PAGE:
In the footsteps of the Templers

A historic house in today's Bnei Atarot brings its visitors back to Wilhelma of yesteryear at this cottage cafe.

January 21, 2010 17:51
3 minute read.

Templers 311. (photo credit: Uriel Messa)


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The Templers were an evangelical Protestant sect founded in Germany in the middle of the 19th century. Large numbers of them came to settle in the Holy Land to await the second coming of Jesus which, they believed, would coincide with the rebuilding of the Temple in Jerusalem.

Incidentally it is easy to confuse the spelling of the Templers with the much earlier Knights Templar who were here in Crusader times, but there is a marvelous mnemonic which means you will never get it wrong again. The Templars who came first spelt it with an "a" and the Templers with an "e," and "a" comes before "e" in the alphabet.

The Templers established several colonies here - in Haifa, Jaffa, Beit Lehem Haglilit, Jerusalem and in what today is called Bnei Atarot. They called the settlement Wilhelma after the kaiser and for many years what is today Ben-Gurion Airport was called Wilhelma Airport because of its proximity.

The sect is credited with bringing many innovations in architecture, agriculture and industry to Palestine. The architecture, of which this is a typical example, certainly looked different from the other buildings of the period and had a definite European flavor. No less a personality than Yoel Moshe Salomon, one of the founders of Petah Tikva (he of the wonderful Arik Einstein song), wrote that walking in a Templer colony one might imagine oneself in Europe.

But much as one would like to love the Templers for their contribution to the country, all is not as cozy and gemütlich as one would have hoped. In the 1930s they became Nazi sympathizers, hung swastikas on their public buildings and greeted each other with the Nazi salute. Wilhelma became an internment camp for them until after the state was established, when they were deported to Australia.

Motty Goldman was six years old when he came to live in this house with his parents, and he and his siblings used to kick a soccer ball around the beautiful tiled floors without having too much awareness of their aesthetic and historical aspects.


After eight years of living on the ground floor, the family moved upstairs, and this is where he still lives with his wife, Gil, and three children.

He was at first a little reluctant to allow us up to the living area, which is not furnished quite as they wanted it yet, as they are busy hunting for art deco furniture which will fit in with the style of the house, frequenting flea markets and house sales until they find just what they are looking for.

However, a gigantic copper air-conditioning unit certainly merited a picture, even if the lounge suite didn't. And the living-room walls are painted a rich wine color, as if to emphasize the central role of wine-making in their lives.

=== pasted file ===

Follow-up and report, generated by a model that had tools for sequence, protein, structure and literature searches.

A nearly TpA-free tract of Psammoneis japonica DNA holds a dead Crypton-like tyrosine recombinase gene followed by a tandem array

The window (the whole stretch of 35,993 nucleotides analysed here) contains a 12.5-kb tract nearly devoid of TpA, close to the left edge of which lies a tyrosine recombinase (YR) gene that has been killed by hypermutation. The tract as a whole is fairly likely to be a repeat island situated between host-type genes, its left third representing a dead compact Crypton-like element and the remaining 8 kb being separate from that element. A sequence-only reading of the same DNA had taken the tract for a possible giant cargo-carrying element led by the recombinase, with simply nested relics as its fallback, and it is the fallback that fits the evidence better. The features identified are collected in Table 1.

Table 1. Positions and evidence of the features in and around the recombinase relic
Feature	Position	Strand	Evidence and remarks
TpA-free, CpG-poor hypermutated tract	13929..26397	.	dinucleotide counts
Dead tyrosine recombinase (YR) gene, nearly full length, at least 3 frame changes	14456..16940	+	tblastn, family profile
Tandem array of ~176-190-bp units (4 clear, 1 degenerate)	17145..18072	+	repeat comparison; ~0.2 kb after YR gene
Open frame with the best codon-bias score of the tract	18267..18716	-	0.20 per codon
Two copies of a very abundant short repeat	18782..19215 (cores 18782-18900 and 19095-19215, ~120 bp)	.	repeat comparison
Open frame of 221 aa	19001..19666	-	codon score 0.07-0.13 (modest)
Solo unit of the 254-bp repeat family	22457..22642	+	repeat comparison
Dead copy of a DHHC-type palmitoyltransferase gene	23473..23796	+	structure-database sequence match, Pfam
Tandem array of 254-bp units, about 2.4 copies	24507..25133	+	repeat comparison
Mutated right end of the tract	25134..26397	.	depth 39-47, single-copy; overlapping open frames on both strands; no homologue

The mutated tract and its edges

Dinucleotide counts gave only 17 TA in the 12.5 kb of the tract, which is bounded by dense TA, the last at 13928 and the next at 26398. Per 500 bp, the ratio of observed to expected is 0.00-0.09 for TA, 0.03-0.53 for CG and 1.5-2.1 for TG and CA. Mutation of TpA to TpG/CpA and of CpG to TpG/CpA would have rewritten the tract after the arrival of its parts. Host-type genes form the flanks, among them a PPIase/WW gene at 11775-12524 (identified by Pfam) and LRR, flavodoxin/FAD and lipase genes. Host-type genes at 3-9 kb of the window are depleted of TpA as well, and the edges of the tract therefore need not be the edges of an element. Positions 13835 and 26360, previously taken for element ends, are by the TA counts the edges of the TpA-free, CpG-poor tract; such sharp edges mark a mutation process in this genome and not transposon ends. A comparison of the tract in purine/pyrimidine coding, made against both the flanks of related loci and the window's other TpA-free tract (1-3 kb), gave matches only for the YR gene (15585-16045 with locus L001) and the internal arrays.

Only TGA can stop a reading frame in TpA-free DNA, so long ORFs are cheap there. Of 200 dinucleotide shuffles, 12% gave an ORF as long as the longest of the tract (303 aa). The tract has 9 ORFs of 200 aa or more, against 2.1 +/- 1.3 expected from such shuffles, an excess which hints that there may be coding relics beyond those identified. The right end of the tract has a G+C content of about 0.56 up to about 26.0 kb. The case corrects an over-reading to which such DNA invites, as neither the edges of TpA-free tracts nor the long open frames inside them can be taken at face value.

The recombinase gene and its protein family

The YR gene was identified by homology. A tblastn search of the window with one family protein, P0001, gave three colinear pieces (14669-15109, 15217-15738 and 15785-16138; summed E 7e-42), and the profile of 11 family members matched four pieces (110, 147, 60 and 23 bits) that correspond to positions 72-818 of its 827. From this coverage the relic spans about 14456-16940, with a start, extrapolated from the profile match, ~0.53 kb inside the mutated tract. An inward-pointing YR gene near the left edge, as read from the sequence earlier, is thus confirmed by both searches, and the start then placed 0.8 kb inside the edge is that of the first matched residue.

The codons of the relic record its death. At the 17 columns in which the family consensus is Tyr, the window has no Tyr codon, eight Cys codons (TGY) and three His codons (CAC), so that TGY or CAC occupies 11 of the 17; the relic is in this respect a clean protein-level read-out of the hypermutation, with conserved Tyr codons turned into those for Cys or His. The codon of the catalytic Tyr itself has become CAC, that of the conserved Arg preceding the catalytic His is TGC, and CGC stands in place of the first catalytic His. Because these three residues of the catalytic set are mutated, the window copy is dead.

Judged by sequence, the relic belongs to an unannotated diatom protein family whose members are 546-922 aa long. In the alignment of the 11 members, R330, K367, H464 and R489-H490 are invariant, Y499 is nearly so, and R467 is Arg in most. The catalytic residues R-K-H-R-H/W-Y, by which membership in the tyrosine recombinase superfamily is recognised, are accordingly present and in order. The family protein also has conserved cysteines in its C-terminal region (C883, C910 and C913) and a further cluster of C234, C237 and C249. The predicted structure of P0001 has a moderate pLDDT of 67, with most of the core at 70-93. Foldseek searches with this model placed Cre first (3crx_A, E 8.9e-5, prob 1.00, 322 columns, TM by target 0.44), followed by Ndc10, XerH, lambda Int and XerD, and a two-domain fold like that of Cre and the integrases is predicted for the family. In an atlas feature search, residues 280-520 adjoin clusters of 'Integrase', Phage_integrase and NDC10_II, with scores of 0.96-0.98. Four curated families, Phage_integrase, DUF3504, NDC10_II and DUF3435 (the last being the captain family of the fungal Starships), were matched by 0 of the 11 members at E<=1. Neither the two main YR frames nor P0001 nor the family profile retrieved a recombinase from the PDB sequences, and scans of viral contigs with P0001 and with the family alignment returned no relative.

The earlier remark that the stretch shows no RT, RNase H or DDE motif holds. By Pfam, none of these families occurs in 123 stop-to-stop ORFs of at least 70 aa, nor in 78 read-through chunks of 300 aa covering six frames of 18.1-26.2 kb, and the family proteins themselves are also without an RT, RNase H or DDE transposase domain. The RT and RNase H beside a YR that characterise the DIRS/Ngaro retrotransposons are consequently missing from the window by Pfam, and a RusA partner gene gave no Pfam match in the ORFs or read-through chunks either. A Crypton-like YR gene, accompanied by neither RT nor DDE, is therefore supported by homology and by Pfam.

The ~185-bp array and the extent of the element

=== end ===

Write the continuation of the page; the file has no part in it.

The house was built in 1932, making it one of the more modern Templer buildings, and it combines the traditional modesty of other Templer structures with the art deco features appropriate to the period. According to the Goldmans, it is the only Templer building in the country open to the public.

The original Templer settlers lived in what later became the stable and, according to tradition, they said they would build another house when they had money and leave their first abode for the animals, which they did. Today the stable houses a cooking school run by another company.

On Friday mornings the public is invited to visit the home and taste some of Motty's excellent wines, while Gil serves cheeses, quiches, salads and good coffee.

"The idea is to present the house as a peaceful oasis, recalling another, more tranquil time," explains Motty. "We have quiet background music playing and, while there is nothing dramatic in the décor, we feel as though the house conveys something special with its simplicity and homey feeling."

The shapes of the windows, the stone balconies and rounded walls all testify to the 70-plus years the building has been standing, while the tiled floors, all different, have remained in remarkably good condition. The original frosted glass is still in the upper half of the doors which lead from the entrance hall to what is now the café. A crystal chandelier, an old restored chaise longue and ornate chairs of an undetermined provenance contribute to the atmosphere of another time. The original banisters with their carvings of stylized flowers and bubble moldings are still in pristine condition. Outside, a deck has been added for visitors to sit and enjoy the garden while sipping their wine, and it blends in seamlessly with the rest of the house.

The basement has been turned into a conference room and visitors' center where wine-tasting courses are given and some bottles of the prize-winning wine line the shelves. At the entrance to the room Motty has a quite extensive collection of farming tools and all kinds of utensils from another age in a wall-long display.

The village of Bnei Atarot contains many other examples of Templer homes, and every Friday a play is performed, in costume, for the benefit of visitors to tell the story of the place, recreating the life of the first settlers.

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